(1.) Our gestures. This scripture takes notice of haughty eyes, and so do many other. Under ‘ lofty eyes,’ he comprehendeth every outward discovery of our pride, in gestures, vestures, speech, and behaviour. As long as we hang out apparently the ensigns of our vanity, we cannot account ourselves humble. But I begin with gestures, a lofty look or gait. Where pride is truly rooted out of the heart, there it will not show itself in the external gestures, in an haughty look and gait. The argument is firm and conclusive: My heart is not haughty, therefore mine eyes are not lofty. It will not hold backward, and have such a necessary truth: Mine eyes are not lofty, therefore my heart is not haughty, non sequitur, for some have the art to conceal their pride. But certain it is humility in the heart will take away pride out of the eyes, because the heart governeth the whole man. But the humble eye and gait doth not always argue an humble heart, as is evident in hypocrites. In vain do men boast of humility in their hearts who show forth pride in their gait and eyes. At least the show of pride giveth scandal and offence, and we must avoid all appearance of evil, 1 Thes. v. 22. More especially lofty eyes are abominable, David else would not with so much earnestness express his humility by this sign, that his eyes were not lofty. This is also plain by other scriptures: These six things are an abomination to the Lord; lofty eyes,’ &c., Prov. vi. 16, 17. This bringeth up a troop of other faults.So Prov. xxi. 4, • An high look, and a proud heart, and the ploughing of the wicked, is sin.’ So Prov. xxx. 13, .There is a generation, oh, how lofty are their eyes, and their eyelids are lifted up!’ So it is said, Ps. xviii. 27, ‘God will bring down high looks.’ Now all these places show how careful we should be that we do not suffer pride to peep out. To nourish it in our hearts is a sin; to bewray it is a scandal as well as a sin. Ezra saith, ‘I durst not lift mine eyes to thee,’ Ezra ix. 6. He considered his own sin and the sin of his people. So Luke xviii. 13, • The publican stood afar off, and would not lift up his eyes to heaven, but smote his breast.’ It is one law concerning Israel’s king, Deut. xvii. 20,’Not to lift up his heart above his brethren. They will soon be stripped of all their glory. Much more should meaner people. David would not bear in his own house, Ps. ci. 5, One that hath an high look and a proud heart.’ If a good man will not bear this, will God bear it?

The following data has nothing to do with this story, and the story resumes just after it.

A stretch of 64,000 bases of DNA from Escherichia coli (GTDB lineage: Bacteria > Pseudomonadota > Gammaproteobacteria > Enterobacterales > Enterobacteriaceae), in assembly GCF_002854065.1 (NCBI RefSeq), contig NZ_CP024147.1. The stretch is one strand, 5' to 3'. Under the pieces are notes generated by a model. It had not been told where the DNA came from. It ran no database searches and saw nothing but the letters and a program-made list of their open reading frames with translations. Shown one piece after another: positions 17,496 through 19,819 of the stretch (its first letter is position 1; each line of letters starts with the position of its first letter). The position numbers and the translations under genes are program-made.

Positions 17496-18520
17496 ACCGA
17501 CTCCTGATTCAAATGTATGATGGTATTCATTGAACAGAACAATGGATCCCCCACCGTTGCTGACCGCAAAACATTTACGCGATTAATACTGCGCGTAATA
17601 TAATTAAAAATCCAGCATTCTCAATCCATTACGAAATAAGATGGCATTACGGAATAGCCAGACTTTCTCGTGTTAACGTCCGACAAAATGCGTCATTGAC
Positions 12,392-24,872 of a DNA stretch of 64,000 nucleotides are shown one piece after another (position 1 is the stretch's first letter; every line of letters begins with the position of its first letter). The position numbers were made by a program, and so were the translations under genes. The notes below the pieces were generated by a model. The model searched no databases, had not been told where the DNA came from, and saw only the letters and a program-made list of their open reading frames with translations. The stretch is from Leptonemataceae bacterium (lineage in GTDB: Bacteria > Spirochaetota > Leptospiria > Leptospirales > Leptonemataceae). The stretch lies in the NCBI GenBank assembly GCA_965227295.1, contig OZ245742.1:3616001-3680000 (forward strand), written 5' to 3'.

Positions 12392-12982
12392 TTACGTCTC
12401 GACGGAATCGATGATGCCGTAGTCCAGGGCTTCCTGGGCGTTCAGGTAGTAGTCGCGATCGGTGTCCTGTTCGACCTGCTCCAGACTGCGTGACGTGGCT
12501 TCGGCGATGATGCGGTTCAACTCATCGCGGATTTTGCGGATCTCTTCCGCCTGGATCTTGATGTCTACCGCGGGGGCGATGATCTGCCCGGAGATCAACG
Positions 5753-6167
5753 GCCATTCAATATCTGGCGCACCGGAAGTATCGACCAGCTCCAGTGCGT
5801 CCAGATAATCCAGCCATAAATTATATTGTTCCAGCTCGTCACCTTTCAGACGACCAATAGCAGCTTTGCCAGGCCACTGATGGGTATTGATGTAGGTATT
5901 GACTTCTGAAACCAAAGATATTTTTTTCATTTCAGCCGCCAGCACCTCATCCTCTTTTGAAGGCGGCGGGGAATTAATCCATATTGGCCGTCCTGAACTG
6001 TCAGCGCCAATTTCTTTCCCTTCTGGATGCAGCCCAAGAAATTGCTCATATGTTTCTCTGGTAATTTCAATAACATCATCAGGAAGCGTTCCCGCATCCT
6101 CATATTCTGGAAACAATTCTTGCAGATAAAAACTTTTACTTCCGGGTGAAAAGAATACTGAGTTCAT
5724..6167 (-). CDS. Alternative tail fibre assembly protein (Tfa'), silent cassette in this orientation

(2.) In vestures. This also is a sign of pride; and it is the more odious because it is a mere external thing, like trappings to a horse. . Clothing was the consequent of sin, and having the mark of our shame about it, it is mightily abused when it is made the ensign of our pride. And strange apparel is reproved in king’s children: Zeph. i. 8, ‘ I will punish the princes and the king’s children, and all such as are clothed with strange apparel.’ ‘How will those painted butterflies answer it to God, that abuse that which was appointed for health, warmth, and comeliness, into an occasion of pride and ostentation, whilst they affect superfluity and pomp in it, and that far above their rank? Vanity of apparel is a certain effect of vanity in your mind. Wisdom, meekness, and holiness should be your ornaments, 1 Peter ïïi. 4; and you think of no other adorning than vain and light apparel. By this you plainly tell the world what you are, vain and worthless, only lifted up in your own conceit. Usually a neglected inattentive soul dwelleth in the body that must be thus decked and adorned. In other cases men are careful to hide their sin; here they plainly bewray it; for you carry the badge of your pride abroad with you wherever you come, and proclaim that you are not ashamed of it, how hateful soever it be to God. It is as if you disclaimed Christ, the doctor of humility, and preferred the image of the devil before that of God. When God first made garments for man, he made them of the skins of the beasts, plain and simple. But I forbear.